The sun is known to be the main driver of all weather and climate. With 99.86% of the mass in our solar system, the great ball of violent fire in the sky, has recently gone quiet in what is likely
Saudi Arabia is still rich, but they are burning through their foreign reserve cash at a record pace due to lower oil prices and an unwillingness to cut the domestic spending that ensures the survival of the royal family. With the nation hemorrhaging cash, Saudi Arabia’s total foreign reserves fell by 5 percent, or $36 billion in just the last two months.
The Port of Los Angeles has been best known for union labor strife over the last year, but the scandal that is blowing up over the arrest of Chief of Port Police Ronald Jerome Boyd on federal bribery, kickback, and tax fraud charges may set a new high for port turmoil.
Tesla Motors Inc. CEO Elon Musk unveiled a line of home and industrial battery packs at an event late Thursday afternoon. Musk said that Tesla is “trying to change the fundamental energy infrastructure of the world.” Although the system announced appears favorable compared to the numerous competitor’s battery solutions currently offered, Tesla’s high reliability stand-by power is much more expensive than generators and has a commercially unfavorable investment recapture period of eight to ten years.
George Soros is often called the “Godfather of the Left” for supporting a worldwide network of progressive causes with over $550 million in donations. But the world’s 27th wealthiest person–according to Forbes–with a net worth of about $30 billion has allegedly used tax deferral to prevent paying any taxes on $13.3 billion profit. Now, according to an Irish regulatory filing by Soros, he will soon be enjoying the shared sacrifice of paying a 50 percent tax that will wipeout a quarter of his net worth.
U.S. Judge Nathanael Cousins, at a San Jose hearing on Wednesday, called the ground-breaking case against the National Collegiate Athletic Association (NCAA) an “adventurous and risky lawsuit.” The judge signaled he is likely to award the $50 million requested by plaintiffs’ lawyer Hausfeld LLP, who won what Cousins called “the most significant antitrust case of the era.”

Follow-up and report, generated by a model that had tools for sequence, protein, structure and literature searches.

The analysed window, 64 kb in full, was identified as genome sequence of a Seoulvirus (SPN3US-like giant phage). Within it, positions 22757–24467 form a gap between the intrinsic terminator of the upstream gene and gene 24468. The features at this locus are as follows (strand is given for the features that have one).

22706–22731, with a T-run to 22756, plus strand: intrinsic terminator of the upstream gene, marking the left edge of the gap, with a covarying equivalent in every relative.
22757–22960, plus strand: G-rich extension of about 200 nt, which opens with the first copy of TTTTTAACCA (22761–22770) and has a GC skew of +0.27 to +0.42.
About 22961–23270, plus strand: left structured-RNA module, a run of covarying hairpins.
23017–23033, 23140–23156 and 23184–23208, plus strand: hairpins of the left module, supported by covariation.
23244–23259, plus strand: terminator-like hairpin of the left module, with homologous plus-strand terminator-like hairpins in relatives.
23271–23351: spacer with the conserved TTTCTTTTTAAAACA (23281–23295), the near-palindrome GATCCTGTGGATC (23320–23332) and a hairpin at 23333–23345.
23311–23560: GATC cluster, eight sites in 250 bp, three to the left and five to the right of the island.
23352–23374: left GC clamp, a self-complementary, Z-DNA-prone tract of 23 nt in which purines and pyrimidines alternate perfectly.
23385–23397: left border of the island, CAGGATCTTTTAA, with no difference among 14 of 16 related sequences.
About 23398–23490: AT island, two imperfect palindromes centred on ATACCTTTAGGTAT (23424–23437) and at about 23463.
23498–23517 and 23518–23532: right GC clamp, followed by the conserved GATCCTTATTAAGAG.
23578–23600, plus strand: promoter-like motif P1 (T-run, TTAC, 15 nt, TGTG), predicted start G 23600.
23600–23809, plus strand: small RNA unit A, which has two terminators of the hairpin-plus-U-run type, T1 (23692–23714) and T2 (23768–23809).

In response to San Francisco’s new vacation-rental law to allow unlimited short-term rentals when a host is present, a powerful group of unions, landlords, housing activists and traditional hotels are preparing a November ballot initiative to severely constrict Airbnb and other “sharing economy” companies’ ability to help individuals secure short–term rentals from part or all of their homes or apartments.
U.S. economic growth stalled out in the first quarter of 2015 as the domestic energy boom caused a short-term collapse in capital spending, large lay-offs in the oil industry, and a 15 percent jump in the exchange rate of the US dollar. A pattern of slowing GDP just before a consumer spending boom takes off is consistent with what happened the last time a big rise in U.S. crude oil production tanked gasoline prices beginning in 1986.
The Assembly Governmental Organization Committee voted unanimously this week in favor of advancing AB 431. The positive vote marks the first time that the legislature has moved a digital gambling bill towards a floor vote that could allow widespread sponsorship by Native American casinos, horse tracks and poker of online gambling.
Despite a continuing backlog of freight following the nine months of bitter labor strife between the Pacific Maritime Association and members of the International Longshore and Warehouse Union(ILWU), who settled their disputes two months ago, the International Brotherhood of Teamsters has started a
Over 4,600 people are reportedly presumed dead in the 7.8 magnitude earthquake that struck Nepal Saturday and the numbers continue to rise, but nine Californians in various stages of rescue or distress remain alive at this point.
Apple’s earnings vaulted by 27.5% for the first three months of 2015 compared to the same period last year, on the phenomenal Chinese sales driving profit margins for the iPhone 6. The virtuous smartphone tailwind and buzz about the Apple Watch spiked store traffic that also goosed Mac sales. With an operating margin of over 30 percent and $194 billion in the bank, Apple deserves to be the world’s most valuable company.